Gophers QB Philip Nelson fumbled while being tackled by Wisconsin’s Brendan Kelly, one of Minnesota’s key mistakes in the 20-7 loss to the Badgers last week. They’ll try to eliminate such errors against Michigan State. “A football game really comes down to five or six plays,” Nelson said. “And if we make two or three of them, maybe it’s 14-20 with six or seven minutes left in the fourth [quarter], and the game’s a little more interesting.”
MARLIN LEVISON mlevison@ startribune.com,
gophers at no. 11 michigan state 11 a.m. Saturday • Spartan Stadium • TV: Big Ten Network (100.3-FM)
Gophers football seeks end to offensive mistakes
- Article by: Joe Christensen
- Star Tribune
- November 27, 2013 - 12:03 AM
Philip Nelson knew it as soon as the pass left his hand. The Gophers quarterback had just overthrown a wide-open Maxx Williams at Wisconsin’s 10-yard line late in Saturday’s 20-7 loss.
On a day when Minnesota’s only touchdown came on an interception return by linebacker Aaron Hill, that fourth-down play was another missed opportunity.
“A football game really comes down to five or six plays,” Nelson said Tuesday. “And if we make two or three of them, maybe it’s 14-20 with six or seven minutes left in the fourth [quarter], and the game’s a little more interesting.”
For all the strides the Gophers have made offensively this year, the two toughest defenses they’ve faced — Wisconsin and Iowa — combined to surrender only one touchdown against Minnesota.
Now the Gophers are getting ready to play No. 11 Michigan State, which leads the nation in total defense at 236.6 yards allowed per game.
“This is what Big Ten football’s all about,” Nelson said. “You want to play against teams like Michigan State. Last year, they did a great job stopping us on offense, so that’s definitely burned in the back of your mind, too.”
The Gophers lost last year’s regular-season finale to Michigan State 26-10, and managed only 96 yards of offense. Coincidentally, Minnesota’s only touchdown that day came on an interception return by Hill.
Offensively, the Gophers know they’ve come a long way since that day. They’re averaging 28.5 points per game, compared with 22.1 last year. Williams said knowing the offense was shut out last week “kind of makes us get a little chip on our shoulder. We want to go out there and make the plays and put up as many points as we can this week.”
The Gophers have lost 10 consecutive games to Wisconsin, but they’re 6-5 in their past 11 meetings against Michigan State.
Two years ago, in Jerry Kill’s first season as Minnesota’s coach, he took a 2-6 team to East Lansing and put a good scare into the then-No. 15 Spartans. That was a stout Michigan State defense, too, but the Spartans needed 10 fourth-quarter points to pull out a 31-24 victory.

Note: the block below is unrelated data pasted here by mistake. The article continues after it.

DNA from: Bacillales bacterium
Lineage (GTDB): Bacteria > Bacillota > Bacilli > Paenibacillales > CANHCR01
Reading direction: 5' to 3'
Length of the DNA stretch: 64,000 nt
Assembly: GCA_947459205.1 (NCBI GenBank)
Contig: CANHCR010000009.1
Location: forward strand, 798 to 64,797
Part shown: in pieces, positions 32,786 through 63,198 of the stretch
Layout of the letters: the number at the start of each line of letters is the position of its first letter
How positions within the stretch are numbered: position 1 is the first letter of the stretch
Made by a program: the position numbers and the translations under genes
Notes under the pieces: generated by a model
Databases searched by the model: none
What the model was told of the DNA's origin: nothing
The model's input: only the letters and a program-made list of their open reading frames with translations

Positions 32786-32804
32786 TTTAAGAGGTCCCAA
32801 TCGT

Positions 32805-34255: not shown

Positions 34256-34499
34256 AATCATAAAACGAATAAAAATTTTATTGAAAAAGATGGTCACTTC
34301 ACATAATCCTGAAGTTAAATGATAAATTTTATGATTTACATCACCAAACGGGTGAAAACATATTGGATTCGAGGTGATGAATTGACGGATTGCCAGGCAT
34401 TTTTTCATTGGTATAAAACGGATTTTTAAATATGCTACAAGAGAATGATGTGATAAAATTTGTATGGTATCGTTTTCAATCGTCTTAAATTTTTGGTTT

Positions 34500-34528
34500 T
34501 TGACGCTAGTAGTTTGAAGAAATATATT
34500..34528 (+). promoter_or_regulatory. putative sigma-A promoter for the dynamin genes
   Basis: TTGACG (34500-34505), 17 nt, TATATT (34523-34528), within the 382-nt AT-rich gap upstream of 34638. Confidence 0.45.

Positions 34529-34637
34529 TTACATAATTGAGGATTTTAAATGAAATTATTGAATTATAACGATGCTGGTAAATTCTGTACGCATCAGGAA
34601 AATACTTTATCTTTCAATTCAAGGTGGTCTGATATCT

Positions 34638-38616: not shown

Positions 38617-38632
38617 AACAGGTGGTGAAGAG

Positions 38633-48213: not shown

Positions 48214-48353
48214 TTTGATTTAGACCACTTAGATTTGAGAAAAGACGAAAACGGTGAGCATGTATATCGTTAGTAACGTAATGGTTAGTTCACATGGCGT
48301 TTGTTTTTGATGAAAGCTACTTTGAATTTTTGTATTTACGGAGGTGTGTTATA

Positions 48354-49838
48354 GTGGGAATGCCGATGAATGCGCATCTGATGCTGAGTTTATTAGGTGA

MarQueis Gray passed for 295 yards and three touchdowns in that game, and Da’Jon McKnight had nine receptions for 173 yards and three touchdowns.
“You go back and look at what you did two years ago, and look at what you did last year, and you evaluate what you did good and not so good,” Kill said. “That’s part of game planning. And you also go back to similar teams and look at who’s had success [against Michigan State] — not many.”
The Spartans lead the nation in rushing defense, at 59.4 yards per game. They often stack the box, playing their safeties near the linebackers to stifle the run, knowing cornerbacks Darqueze Dennard and Trae Waynes can handle receivers one-on-one.
“I think Al Davis said when he was with the Raiders, ‘Get lockdown corners, and you can do anything you want on defense,’ ” Kill said. “And that’s what makes them good. They’ve got lengthy, long corners who can flat play. Probably both of them will be high-round draft choices, when it’s their time.”
The teams that have had some success against Michigan State’s defense — Indiana and Nebraska scored 28 points apiece — did much of their damage with the pass. This will be a real challenge for the Gophers with leading receiver Derrick Engel out because of a torn knee ligament.
But Wisconsin ranks sixth nationally in total defense, and the Gophers had chances against the Badgers. In the second quarter, the Gophers drove inside Wisconsin’s 40-yard line twice before Williams and Nelson each fumbled.
Throw in the drive that ended with Nelson’s errant fourth-down pass, and these were opportunities missed.
“We played very consistent for four weeks,” Kill said. “And then we faced a very good team, and we turned over the ball, which you can’t do.”
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